Smoldering lands Once rare, wildfires may be one of the north’s main causes of browning. As grasses, shrubs and trees across the region dry up, they are being set aflame with increasing frequency, with fires covering larger areas and leaving behind dark scars. For example, in early 2014 in the Norwegian coastal municipality of Flatanger, sparks from a power line ignited the dry tundra heath, destroying more than 100 wooden buildings in several coastal hamlets.
Sparsely populated places, where lightning is the primary cause of wildfires, are also seeing an uptick in wildfires. Scientists say lightning strikes are becoming more frequent as the planet warms. The number of lightning-sparked fires has risen 2 to 5 percent per year in Canada’s Northwest Territories and Alaska over the last four decades, earth system scientist Sander Veraverbeke of Vrije Universiteit Amsterdam and his colleagues reported in 2017 in Nature Climate Change.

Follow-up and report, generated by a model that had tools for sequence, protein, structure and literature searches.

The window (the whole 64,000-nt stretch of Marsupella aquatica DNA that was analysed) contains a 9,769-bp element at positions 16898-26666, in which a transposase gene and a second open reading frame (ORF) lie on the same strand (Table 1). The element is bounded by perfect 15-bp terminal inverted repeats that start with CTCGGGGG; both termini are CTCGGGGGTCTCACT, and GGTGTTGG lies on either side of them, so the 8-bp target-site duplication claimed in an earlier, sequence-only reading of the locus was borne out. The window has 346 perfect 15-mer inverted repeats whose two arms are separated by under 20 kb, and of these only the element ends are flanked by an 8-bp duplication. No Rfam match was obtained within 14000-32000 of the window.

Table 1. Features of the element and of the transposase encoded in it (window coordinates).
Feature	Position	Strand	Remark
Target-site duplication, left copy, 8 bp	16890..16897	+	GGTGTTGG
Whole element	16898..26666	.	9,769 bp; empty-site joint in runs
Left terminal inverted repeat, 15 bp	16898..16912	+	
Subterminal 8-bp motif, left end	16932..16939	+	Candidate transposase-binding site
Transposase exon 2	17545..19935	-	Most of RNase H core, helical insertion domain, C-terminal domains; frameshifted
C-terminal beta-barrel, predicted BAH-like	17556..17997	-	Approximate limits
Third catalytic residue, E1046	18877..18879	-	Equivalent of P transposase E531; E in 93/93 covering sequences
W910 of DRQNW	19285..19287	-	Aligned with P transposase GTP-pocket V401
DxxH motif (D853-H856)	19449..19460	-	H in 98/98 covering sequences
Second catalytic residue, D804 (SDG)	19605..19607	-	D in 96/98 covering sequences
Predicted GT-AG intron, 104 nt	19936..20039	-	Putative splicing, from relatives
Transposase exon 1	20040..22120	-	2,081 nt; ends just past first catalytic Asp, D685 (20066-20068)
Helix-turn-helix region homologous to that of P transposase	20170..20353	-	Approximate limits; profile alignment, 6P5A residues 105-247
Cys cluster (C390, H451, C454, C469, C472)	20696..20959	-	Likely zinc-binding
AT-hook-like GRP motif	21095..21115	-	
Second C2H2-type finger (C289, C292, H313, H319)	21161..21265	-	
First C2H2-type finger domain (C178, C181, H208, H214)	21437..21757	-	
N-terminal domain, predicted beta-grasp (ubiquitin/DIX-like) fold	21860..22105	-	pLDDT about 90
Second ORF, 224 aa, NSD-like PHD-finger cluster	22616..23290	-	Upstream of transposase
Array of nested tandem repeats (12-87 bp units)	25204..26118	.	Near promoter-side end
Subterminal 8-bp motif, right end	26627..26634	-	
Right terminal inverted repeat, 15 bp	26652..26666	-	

In 2014, the Northwest Territories had 385 fires, which burned 34,000 square kilometers. The next year, 766 fires torched 20,600 square kilometers of the Alaskan interior — accounting for about half the total area burned in the entire United States in 2015.
In the last two years, wildfires sent plumes of smoke aloft in western Greenland (SN: 3/17/18, p. 20) and in the northern reaches of Sweden, Norway and Russia, places where wildfires are uncommon. Wildfire activity within a 30-year period could quadruple in Alaska by 2100, says a 2017 report in Ecography. Veraverbeke expects to see “more fires in the Arctic in the future.”
The loss of wide swaths of plants could have wide-ranging local effects. “These plants are the foundation of the terrestrial Arctic food webs,” says Isla Myers-Smith, a global change ecologist at the University of Edinburgh. The shriveled landscapes can leave rock ptarmigan, for example, which rely heavily on plants, without enough food to eat in the spring. The birds’ predators, such as the arctic fox, may feel the loss the following year.